LEVETIRACETAM (Page 7 of 10)

13 NONCLINICAL TOXICOLOGY

13.1 Carcinogenesis, Mutagenesis, Impairment of Fertility

Carcinogenesis

Rats were dosed with levetiracetam in the diet for 104 weeks at doses of 50, 300 and 1800 mg/kg/day. The highest dose is 6 times the maximum recommended daily human dose (MRHD) of 3000 mg on a mg/m2 basis and it also provided systemic exposure (AUC) approximately 6 times that achieved in humans receiving the MRHD. There was no evidence of carcinogenicity. In mice, oral administration of levetiracetam for 80 weeks (doses up to 960 mg/kg/day) or 2 years (doses up to 4000 mg/kg/day, lowered to 3000 mg/kg/day after 45 weeks due to intolerability) was not associated with an increase in tumors. The highest dose tested in mice for 2 years (3000 mg/kg/day) is approximately 5 times the MRHD on a mg/m2 basis.

Mutagenesis

Levetiracetam was not mutagenic in the Ames test or in mammalian cells in vitro in the Chinese hamster ovary/HGPRT locus assay. It was not clastogenic in an in vitro analysis of metaphase chromosomes obtained from Chinese hamster ovary cells or in an in vivo mouse micronucleus assay. The hydrolysis product and major human metabolite of levetiracetam (ucb L057) was not mutagenic in the Ames test or the in vitro mouse lymphoma assay.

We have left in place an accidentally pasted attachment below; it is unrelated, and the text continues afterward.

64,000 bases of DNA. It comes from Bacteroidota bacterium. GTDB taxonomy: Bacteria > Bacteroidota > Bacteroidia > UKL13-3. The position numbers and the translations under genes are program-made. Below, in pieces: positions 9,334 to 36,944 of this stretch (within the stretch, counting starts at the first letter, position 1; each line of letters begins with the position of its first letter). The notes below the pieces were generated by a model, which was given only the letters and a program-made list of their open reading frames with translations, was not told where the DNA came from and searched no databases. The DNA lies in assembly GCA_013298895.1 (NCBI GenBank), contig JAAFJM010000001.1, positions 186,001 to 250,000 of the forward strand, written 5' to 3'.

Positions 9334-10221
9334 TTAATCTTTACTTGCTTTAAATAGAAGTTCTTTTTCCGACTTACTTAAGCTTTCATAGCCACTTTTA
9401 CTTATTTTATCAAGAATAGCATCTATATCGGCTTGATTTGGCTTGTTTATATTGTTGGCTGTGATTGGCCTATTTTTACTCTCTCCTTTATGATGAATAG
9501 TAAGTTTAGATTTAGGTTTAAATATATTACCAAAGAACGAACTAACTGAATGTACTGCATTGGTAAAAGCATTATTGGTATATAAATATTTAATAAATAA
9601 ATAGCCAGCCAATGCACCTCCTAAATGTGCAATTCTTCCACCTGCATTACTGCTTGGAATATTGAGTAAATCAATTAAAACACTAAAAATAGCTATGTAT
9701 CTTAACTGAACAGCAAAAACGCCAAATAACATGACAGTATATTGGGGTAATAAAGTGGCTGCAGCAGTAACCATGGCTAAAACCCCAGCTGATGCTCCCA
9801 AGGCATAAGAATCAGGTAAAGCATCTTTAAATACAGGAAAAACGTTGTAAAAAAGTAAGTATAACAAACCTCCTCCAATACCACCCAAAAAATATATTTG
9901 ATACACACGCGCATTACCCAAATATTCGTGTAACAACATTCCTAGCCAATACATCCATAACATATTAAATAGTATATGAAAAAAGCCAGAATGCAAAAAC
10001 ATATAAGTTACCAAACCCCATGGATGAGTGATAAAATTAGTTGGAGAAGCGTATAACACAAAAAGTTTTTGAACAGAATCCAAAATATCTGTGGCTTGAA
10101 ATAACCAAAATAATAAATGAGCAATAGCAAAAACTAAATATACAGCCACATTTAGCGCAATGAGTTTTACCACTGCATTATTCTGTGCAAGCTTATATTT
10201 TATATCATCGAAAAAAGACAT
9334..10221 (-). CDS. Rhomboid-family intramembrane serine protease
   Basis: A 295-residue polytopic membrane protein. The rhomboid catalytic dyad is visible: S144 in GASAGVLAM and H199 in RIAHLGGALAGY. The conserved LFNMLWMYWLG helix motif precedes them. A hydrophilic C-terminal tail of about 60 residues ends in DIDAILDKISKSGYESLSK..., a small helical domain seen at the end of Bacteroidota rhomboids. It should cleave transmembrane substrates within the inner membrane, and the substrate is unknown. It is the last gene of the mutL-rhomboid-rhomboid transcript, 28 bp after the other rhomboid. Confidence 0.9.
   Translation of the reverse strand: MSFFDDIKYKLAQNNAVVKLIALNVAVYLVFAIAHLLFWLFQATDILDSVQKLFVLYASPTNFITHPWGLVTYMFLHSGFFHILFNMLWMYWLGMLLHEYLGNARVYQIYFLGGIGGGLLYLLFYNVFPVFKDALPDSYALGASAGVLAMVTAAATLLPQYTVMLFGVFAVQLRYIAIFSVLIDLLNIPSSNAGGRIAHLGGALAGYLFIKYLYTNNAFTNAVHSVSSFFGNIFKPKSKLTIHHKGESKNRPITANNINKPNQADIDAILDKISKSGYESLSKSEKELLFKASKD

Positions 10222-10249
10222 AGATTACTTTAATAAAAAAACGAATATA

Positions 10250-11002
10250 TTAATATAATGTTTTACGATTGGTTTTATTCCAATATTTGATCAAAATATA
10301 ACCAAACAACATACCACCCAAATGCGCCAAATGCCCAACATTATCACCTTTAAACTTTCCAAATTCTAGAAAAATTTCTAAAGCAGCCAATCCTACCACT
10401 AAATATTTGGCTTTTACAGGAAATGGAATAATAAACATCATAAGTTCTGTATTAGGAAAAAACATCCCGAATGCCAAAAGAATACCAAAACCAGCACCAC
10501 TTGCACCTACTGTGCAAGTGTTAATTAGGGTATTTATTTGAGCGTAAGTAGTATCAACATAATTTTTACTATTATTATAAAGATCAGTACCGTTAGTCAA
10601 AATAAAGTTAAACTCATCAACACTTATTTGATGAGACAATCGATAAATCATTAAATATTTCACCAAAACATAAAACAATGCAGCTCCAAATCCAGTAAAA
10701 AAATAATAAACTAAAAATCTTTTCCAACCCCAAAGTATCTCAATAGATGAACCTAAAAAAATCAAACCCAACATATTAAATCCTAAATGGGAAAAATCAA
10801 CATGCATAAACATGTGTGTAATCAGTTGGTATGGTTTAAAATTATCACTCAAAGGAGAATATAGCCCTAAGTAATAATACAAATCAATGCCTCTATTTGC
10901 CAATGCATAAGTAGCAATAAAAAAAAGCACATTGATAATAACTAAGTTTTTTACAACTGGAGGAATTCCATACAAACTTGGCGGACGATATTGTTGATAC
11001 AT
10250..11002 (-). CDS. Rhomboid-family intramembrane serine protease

Impairment of Fertility

No adverse effects on male or female fertility or reproductive performance were observed in rats at oral doses up to 1800 mg/kg/day (6 times the maximum recommended human dose on a mg/m2 or systemic exposure [AUC] basis).

14 CLINICAL STUDIES

Figure 1: Responder Rate (≥50% Reduction From Baseline) In Study 1Figure 2: Responder Rate (≥50% Reduction From Baseline) In Study 2: Period AFigure 3: Responder Rate (≥50% Reduction from Baseline) In Study 3Figure 4: Responder Rate (≥ 50% Reduction From Baseline) in Study 4Figure 6: Responder Rate (≥ 50 % Reduction from Baseline) in PGTC Seizure Frequency per Week in Study 7

14.1 Partial Onset Seizures

Effectiveness in Partial Onset Seizures i n Adults w ith Epilepsy